I thoroughly enjoyed it and despite its massive length, could not put it down. I read and read until I was done, a Behemoth of a book concluded in about 4 days.

The premise is simple but oh so complex. One day, suddenly, without any warning, and without any explanation, an impenetrable dome seals Chester’s Mill and all its residents within. The first few chapters of the book give us an omniscient view of the disaster, showing us first a plane crashing into the dome, then an animal getting cut clean in two, then a woman who lost her hand, and then crash after crash as unwary travelers along the stretch of road leading into and out of the town smash against an invisible barrier.

A few important differences between the book and the TV series: In the book, the dome does NOT cut off sound, radio waves, phone signals, Internet, or TV. People can talk freely across the dome, but the military has largely cut it off as they attempt to keep the situation under control.

But the most important difference is that in the book, the dome is not some kind of freak micro-environment capable of sustaining life. It’s a death trap, slowly warming over the course of the next few days. Soot, exhaust, and fumes build up within the dome and do not dissipate. It starts to smell very bad.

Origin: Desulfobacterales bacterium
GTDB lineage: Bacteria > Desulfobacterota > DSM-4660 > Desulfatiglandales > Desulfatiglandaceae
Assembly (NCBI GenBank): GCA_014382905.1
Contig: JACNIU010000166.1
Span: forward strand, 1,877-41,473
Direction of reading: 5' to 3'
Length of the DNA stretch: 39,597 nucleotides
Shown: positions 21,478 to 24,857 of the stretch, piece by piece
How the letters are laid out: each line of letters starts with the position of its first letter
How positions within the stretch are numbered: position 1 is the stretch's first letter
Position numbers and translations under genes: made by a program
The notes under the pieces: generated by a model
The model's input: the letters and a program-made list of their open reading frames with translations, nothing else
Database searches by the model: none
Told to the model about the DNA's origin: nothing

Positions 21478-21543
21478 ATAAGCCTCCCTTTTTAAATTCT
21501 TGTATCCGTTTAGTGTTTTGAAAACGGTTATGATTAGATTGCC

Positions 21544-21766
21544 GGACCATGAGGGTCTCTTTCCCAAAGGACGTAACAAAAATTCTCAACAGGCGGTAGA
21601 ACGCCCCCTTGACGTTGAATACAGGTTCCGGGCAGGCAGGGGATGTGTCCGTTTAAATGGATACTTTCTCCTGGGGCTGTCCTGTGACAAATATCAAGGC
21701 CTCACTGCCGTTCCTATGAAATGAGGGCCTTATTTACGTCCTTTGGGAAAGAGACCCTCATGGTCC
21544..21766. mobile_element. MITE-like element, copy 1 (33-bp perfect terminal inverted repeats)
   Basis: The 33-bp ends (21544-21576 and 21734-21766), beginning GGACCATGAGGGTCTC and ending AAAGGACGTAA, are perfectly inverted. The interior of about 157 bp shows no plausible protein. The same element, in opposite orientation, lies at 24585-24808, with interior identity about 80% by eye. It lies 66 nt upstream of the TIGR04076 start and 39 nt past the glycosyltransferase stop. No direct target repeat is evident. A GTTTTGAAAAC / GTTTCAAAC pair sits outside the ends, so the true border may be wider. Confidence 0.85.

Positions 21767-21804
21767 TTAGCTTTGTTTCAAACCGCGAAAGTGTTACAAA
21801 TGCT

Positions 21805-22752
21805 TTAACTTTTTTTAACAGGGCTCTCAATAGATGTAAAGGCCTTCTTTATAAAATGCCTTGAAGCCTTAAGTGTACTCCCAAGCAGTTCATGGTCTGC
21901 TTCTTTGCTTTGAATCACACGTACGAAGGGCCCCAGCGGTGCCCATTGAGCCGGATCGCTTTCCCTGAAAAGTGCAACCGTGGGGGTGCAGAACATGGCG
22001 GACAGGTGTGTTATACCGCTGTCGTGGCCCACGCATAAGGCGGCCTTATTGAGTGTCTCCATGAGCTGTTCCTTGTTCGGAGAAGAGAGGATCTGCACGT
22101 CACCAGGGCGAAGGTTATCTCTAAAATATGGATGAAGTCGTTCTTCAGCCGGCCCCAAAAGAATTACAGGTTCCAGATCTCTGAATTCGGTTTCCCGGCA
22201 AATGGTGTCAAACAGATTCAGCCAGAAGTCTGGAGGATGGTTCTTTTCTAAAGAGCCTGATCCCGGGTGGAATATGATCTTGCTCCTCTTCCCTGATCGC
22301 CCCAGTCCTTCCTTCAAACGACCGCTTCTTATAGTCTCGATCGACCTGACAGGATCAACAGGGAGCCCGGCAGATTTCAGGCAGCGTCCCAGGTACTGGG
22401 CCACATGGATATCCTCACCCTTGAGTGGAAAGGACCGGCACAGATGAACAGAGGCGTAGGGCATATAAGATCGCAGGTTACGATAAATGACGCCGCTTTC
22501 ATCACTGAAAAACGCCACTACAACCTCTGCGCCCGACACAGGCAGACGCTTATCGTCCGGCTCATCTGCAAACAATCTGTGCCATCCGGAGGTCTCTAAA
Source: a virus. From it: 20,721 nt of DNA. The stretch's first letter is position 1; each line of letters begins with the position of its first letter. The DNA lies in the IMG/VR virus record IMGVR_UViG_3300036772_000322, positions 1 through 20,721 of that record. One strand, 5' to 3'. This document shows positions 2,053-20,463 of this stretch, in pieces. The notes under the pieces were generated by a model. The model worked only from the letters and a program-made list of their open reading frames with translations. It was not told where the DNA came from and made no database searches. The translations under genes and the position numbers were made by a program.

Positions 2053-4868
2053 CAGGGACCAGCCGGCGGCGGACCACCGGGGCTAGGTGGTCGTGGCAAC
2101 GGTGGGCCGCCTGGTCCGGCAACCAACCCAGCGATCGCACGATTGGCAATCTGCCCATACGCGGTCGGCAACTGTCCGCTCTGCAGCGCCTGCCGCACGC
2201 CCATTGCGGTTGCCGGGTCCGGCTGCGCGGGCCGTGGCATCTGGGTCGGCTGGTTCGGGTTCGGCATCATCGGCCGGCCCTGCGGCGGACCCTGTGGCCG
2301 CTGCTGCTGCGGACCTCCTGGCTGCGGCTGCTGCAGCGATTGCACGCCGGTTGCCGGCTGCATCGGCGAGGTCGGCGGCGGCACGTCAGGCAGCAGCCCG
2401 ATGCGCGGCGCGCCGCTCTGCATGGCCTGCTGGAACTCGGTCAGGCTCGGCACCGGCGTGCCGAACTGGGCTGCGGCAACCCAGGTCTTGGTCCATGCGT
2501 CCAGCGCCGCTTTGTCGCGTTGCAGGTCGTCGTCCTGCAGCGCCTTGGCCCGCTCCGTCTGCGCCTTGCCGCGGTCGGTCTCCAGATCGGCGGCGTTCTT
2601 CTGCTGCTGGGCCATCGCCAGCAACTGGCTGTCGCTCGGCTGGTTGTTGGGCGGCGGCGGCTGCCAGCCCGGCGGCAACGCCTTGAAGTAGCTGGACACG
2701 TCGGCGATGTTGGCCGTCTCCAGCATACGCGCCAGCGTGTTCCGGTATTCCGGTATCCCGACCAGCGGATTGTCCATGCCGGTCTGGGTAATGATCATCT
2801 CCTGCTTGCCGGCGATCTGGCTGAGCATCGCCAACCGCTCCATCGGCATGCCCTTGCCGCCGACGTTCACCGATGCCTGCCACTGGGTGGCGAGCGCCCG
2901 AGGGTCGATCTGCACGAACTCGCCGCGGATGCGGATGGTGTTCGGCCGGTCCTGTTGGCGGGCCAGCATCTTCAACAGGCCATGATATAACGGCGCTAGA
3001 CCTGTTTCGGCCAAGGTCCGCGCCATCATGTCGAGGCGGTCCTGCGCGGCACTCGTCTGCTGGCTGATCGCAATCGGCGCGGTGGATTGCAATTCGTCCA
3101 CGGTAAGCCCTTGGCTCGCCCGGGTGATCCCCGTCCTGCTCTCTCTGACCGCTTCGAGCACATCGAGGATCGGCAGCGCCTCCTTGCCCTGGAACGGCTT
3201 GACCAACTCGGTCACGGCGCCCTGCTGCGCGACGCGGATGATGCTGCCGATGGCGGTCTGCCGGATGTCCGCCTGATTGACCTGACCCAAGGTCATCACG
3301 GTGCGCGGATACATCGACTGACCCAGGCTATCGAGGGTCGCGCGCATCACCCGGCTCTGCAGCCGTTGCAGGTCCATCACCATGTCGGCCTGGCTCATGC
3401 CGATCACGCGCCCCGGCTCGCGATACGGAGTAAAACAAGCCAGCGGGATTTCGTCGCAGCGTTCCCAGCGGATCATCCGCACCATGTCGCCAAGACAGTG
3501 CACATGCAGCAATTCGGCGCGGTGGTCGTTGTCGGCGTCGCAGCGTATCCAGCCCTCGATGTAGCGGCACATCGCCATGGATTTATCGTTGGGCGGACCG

The cast of characters in this book is overwhelming and hard to keep track of. That’s not really a criticism, just a fact. There are nearly 2,000 residents of Chester’s Mill on Dome Day and many of them get at least a moment of spotlight as the omniscient narrator creates a picture of life within.

I’m not usually a fan of the omniscient narrator because I love my character stories, but it worked here. And it was a character story — the character was just an entire town. Oh, and the town had some problems! Among other things, it was apparently the biggest meth lab in North America. The global viewpoint allowed the narrative to shift wherever it needed to be, whenever it needed to be there.

Much of the disastrous nature of this story was self-inflicted. The town put its faith in the wrong leaders — a power-hungry criminal, a man too weak to stop him, and a woman suffering from an unfortunate addiction to painkillers. The military tried to declare martial law and put Barbie (Dale Barbera) in charge, but he was a newcomer to town and the people outside the dome had no way to enforce anything within. Too bad for the citizens of Chester’s Mill.

There is a lot more I could say about this book, but basically I highly recommend it to anyone who enjoys a good disaster story. Don’t let it’s length stop you — it has to be as long as it is. Stephen King does not waste words.

Title: Under the Dome

Author: Stephen King

Published November 10, 2009


Book Review: The River of no Return

The River of No ReturnWell-constructed, well-told, well-characterized… these are phrases I so rarely associate with time travel that I had no choice but to give this book five stars! What a great read. I could not put this down. My only reservation about this book is that the ending called for a sequel, yet an Internet search shows no evidence of the existence of one. I know this doesn’t necessarily mean anything, but I would feel so much better about this book if the author would just have “work in progress…” or “coming soon…” on her web page!